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Gene therapy for muscular dystrophy

University of Pennsylvania School of Medicine

In a study of Muscular Dystrophy, scientists at the University of Pennsylvania School of Medicine have found that a common delivery system used in treating the disease through gene therapy may trigger an immune response in mice unless it is used in combination with a muscle-specific promoter that localizes the expression of genetic material.

The study findings are published in the new issue of the journal Human Gene Therapy.

"Even when you use low-levels of a promoter that is not restricted to the afflicted area, you run the risk that you will immunize the patient against the very protein you are trying to get made," said H. Lee Sweeney, PhD, chairman of the Department of Physiology at Penn and lead author of the study. "This is relevant because some of the clinical trials that have been started are not using restricted promoters. The journal wanted to get this message out there."

In their published findings, the Penn researchers state that it is "crucial" to establish which method should be used before expanding clinical trials.

The scientists used two groups of mice that had been engineered to lack a protein called gamma sarcloc-glycan (gsg) in their muscles, which is the same protein that is missing in muscluar dystrophy (MD).

The researchers administered the protein to both groups of mice by enclosing the gsg in the recombinant adeno-associated virus (rAAV) - a commonly used vector that has been described in previous scientific research as non-immunogenic.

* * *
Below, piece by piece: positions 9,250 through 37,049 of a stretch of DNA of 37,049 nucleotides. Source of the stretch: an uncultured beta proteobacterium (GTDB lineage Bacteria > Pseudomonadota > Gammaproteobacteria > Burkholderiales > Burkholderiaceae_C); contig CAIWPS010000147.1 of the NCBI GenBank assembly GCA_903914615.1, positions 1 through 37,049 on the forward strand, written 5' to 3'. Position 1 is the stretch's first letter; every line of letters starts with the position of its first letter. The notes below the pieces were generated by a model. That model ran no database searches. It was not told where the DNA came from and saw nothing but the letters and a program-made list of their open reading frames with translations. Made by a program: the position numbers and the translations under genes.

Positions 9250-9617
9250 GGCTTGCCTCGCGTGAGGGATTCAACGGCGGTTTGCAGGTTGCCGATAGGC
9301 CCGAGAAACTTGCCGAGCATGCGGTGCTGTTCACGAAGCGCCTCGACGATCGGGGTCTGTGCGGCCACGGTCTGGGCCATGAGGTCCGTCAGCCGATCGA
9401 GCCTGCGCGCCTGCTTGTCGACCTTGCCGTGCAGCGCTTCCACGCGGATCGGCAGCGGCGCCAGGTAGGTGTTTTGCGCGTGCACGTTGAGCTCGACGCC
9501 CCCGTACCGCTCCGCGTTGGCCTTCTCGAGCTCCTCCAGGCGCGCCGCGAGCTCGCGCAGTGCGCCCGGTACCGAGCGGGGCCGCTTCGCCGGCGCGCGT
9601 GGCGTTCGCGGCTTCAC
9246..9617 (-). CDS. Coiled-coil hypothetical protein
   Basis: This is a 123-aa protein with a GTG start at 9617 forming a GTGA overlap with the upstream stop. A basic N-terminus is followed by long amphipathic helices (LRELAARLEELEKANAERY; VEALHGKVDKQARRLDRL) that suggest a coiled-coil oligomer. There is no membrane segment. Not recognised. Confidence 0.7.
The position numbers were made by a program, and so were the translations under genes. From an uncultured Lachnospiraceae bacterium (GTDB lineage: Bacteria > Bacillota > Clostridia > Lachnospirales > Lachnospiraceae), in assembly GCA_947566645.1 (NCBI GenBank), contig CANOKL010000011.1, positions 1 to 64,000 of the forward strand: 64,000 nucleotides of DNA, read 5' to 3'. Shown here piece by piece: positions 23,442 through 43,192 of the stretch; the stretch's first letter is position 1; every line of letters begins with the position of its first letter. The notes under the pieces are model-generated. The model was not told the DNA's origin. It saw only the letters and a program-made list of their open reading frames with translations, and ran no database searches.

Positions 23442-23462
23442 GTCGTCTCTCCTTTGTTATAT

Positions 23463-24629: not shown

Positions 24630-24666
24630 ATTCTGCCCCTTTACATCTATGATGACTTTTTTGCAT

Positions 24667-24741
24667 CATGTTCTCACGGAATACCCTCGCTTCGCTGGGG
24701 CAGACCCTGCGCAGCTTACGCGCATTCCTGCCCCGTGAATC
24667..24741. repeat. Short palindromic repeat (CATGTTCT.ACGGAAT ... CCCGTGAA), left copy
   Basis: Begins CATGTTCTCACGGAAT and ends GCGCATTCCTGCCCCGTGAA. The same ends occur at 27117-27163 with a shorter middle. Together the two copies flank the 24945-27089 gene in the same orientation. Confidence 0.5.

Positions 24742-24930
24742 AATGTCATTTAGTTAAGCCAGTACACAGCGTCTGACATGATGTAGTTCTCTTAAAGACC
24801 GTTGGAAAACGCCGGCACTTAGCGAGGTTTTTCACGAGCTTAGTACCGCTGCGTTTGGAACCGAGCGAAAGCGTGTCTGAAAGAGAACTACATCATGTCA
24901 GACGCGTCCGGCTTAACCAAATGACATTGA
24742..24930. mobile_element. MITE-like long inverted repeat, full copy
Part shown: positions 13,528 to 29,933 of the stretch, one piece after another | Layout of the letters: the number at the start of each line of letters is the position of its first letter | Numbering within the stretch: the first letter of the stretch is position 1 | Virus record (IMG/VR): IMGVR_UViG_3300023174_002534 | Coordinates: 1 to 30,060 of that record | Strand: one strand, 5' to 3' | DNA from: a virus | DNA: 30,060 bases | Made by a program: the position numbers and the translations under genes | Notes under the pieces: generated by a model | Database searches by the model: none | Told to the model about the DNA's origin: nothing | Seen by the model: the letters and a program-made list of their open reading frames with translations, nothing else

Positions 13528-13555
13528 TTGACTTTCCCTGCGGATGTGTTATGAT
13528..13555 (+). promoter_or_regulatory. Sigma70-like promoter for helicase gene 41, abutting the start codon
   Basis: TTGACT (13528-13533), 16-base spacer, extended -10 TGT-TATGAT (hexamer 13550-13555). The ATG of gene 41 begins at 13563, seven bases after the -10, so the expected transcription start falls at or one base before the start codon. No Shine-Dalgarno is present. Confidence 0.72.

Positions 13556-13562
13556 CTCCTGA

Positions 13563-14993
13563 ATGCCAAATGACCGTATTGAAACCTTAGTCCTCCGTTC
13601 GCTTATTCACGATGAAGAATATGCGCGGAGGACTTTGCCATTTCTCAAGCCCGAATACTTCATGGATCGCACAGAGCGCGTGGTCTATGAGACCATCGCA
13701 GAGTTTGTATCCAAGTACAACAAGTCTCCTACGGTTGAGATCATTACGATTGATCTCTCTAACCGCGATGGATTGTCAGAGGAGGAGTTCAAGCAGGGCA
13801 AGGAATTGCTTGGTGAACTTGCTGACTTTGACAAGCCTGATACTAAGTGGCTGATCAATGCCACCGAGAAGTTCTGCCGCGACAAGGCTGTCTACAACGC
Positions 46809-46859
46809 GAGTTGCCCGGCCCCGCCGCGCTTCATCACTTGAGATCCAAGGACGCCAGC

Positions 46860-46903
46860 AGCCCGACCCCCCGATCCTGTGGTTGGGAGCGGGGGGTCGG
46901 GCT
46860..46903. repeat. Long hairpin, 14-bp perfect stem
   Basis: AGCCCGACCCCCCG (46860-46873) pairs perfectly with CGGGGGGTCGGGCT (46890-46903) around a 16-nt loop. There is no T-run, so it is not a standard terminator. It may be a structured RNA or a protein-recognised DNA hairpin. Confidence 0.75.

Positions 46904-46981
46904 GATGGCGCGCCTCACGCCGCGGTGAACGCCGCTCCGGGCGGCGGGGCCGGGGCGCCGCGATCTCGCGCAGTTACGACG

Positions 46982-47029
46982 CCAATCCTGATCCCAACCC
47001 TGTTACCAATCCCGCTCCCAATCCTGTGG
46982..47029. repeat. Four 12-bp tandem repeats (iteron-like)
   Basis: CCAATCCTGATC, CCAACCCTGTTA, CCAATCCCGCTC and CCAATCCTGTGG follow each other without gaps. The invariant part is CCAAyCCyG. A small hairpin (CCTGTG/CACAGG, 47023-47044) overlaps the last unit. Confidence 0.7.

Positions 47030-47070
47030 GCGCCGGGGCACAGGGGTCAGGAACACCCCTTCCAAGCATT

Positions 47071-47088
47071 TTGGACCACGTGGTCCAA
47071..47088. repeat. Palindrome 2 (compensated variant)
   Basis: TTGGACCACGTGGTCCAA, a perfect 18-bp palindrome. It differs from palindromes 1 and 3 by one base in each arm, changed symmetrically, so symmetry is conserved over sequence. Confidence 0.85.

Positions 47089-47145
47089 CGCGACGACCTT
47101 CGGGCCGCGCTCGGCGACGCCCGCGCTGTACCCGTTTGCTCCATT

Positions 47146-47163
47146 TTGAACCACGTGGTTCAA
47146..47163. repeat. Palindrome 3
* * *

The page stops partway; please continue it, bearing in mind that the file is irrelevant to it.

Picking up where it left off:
In one group of mice, the rAAV included a cytomegalovirus (CMV) promoter -- which will express the DNA material it carries in any tissue. The results Sweeney found: "Although we didn't see the immune response in the CMV promoter in a large percentage of the mice - we did see it."

In the second group of mice, when the rAAV that contained the gsg material was delivered under the control of the muscle creatine kinase promoter - which is muscle-specific -- there was no immune response.

"What we think happens is that if the virus gets into tissues that are very good at presenting foreign proteins to the immune system, then an immune response is generated to any proteins the virus may express," Sweeney said. "Skeletal muscle (which is affected by MD) is very bad at presenting - we've never seen an immune response, as long as the expressed protein is restricted to the skeletal muscle."

"The issue is: If you put DNA material into a virus that will fix the disease -will it also trigger an immune response?" Sweeney said.

"The answer appears to be - possibly. But as long as you keep the protein in the skeletal muscle and nowhere else, you don't get an immune response."


The study was funded by the National Institutes of Health, the Muscular Dystrophy Association and the Association Francaise contre les Myopathies.

Sweeney's collaborators in the research were: Laurence Cordier, PhD, of Penn's Department of Physiology; Andrew A. Hack, PhD, and Elizabeth M. McNally, PhD, both of the University of Chicago, and Guang-Ping Gao, PhD; Narendra Chirmule, PhD, and James M. Wilson, MD, PhD, of Penn's Institute for Human Gene Therapy.

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